This month we have been focusing on brain health. Alzheimer’s Disease (AD) in particular, is the most common form of dementia, and nearly 5.8 million Americans are living with the disease (CanoHealth). AD was discovered and named in 1906. From the beginning, scientists have noted that memory loss is accompanied by many other symptoms, including agitation, wandering, nighttime disturbances, and delusions. Initially, sedatives were prescribed to help people with AD sleep. Antidepressant and antipsychotic medications were also used to help keep difficult symptoms at bay (Fisher Center for Alzheimer’s Research).
Treatments have always focused on managing symptoms. AD is a complex disease and it seems unlikely that one drug will cure all those affected by the wide variety of symptoms. However, in recent years, scientists are a better understanding of AD, and how it progresses and focusing efforts on new research that targets the pathway of disease progression.
Today, the first step in treatment for AD is the prescription of cholinesterase inhibiting drugs. These drugs target chemicals in the brain, but scientists do not fully understand why they work to manage symptoms. This works at the beginning stages of diagnosis when symptoms are mild to moderate. They can be incredibly helpful for keeping seniors with AD independent longer and supporting caregivers. However, brain chemistry can only be altered for so long, and there will come a point when these drugs are no longer effective. This is why treatments that stop the progression of AD are the top priority for new research.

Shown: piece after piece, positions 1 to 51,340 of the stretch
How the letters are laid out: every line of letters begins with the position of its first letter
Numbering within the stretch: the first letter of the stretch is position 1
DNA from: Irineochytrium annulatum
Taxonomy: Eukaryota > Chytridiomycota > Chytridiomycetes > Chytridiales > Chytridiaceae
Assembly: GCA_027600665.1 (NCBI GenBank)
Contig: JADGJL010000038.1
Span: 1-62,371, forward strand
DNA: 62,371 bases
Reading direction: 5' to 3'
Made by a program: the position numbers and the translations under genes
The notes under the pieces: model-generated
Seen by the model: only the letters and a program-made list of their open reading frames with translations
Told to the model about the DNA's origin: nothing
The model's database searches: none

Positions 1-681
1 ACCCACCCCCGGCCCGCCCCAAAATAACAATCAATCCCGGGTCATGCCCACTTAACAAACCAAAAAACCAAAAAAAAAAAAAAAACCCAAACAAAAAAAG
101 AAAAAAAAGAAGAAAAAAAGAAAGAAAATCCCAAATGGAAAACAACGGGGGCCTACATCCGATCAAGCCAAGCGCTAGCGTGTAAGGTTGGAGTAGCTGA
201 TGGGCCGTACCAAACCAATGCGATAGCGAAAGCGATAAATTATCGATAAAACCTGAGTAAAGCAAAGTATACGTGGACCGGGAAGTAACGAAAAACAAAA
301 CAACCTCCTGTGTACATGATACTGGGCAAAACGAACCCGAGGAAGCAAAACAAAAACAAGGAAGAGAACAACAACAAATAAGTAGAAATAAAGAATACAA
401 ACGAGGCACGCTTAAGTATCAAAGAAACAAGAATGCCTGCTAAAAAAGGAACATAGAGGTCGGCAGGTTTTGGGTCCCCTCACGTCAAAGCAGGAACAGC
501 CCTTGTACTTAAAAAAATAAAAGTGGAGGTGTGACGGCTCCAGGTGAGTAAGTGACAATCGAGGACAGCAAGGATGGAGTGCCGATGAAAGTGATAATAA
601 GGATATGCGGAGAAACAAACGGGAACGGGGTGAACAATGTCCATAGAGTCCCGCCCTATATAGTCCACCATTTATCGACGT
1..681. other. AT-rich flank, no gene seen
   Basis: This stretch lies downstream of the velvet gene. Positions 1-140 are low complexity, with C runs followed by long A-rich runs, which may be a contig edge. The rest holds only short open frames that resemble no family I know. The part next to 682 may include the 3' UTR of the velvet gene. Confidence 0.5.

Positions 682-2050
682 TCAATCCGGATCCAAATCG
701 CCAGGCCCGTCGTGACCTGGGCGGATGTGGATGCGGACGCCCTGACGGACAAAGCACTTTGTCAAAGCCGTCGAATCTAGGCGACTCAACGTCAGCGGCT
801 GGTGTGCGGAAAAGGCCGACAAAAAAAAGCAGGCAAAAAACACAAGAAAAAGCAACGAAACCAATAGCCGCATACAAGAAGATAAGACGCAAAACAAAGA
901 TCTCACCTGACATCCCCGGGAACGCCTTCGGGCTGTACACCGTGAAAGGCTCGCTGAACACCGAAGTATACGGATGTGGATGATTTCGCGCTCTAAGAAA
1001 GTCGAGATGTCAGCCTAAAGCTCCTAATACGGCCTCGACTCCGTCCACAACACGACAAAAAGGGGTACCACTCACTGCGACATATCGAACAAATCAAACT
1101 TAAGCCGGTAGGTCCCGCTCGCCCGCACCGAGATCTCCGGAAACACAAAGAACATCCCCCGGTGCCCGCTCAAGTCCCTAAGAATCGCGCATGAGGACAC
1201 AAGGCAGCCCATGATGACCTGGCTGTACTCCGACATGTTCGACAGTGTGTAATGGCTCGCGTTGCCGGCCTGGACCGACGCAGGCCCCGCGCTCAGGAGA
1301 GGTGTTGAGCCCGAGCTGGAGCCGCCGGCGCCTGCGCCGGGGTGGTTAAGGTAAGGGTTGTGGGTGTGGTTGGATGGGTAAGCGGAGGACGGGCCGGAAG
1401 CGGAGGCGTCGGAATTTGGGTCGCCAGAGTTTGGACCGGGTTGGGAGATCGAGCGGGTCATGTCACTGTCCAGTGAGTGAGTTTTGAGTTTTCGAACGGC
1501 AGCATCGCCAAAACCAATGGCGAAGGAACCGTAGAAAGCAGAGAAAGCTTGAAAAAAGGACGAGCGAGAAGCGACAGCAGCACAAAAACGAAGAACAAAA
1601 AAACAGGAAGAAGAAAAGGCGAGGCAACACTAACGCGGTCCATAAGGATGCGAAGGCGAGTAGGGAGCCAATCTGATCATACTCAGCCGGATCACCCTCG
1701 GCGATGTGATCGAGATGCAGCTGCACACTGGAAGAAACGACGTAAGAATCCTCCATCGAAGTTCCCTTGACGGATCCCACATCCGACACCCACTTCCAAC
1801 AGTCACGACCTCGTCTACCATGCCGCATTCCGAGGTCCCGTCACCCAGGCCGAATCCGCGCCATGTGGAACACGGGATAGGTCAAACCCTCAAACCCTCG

Until recently, we did not know what causes AD, besides the obvious death of neurons in the brain. It has now become clear, that the build-up of a protein plaque called amyloid is a clear disease mechanism for AD. In June 2021, the FDA provided accelerated approval for use of the drug Aducanumab, the only disease-modifying medication currently approved to treat AD. This drug is a monoclonal antibody that works by targeting and breaking down the amyloid protein. It is thought that if these plaques are removed, neurons will stop dying, and the patient’s memory, thinking, and confusion will stop worsening.
As we mentioned before, AD is an incredibly complicated disease, and nearly 30% of patients do not develop amyloid plaques in the early stages. For this reason, Aducanumbab can only be utilized after a patient has a PET scan to confirm the presence of the plaques. The drug is also very expensive and administered intravenously every four weeks for the duration of the patient’s life. While this is problematic, it is also the first drug that attacks the disease progression instead of simply masking symptoms. New research is focusing on drugs that can be administered by injections in the skin, and treat a wider variety of patients diagnosed with AD.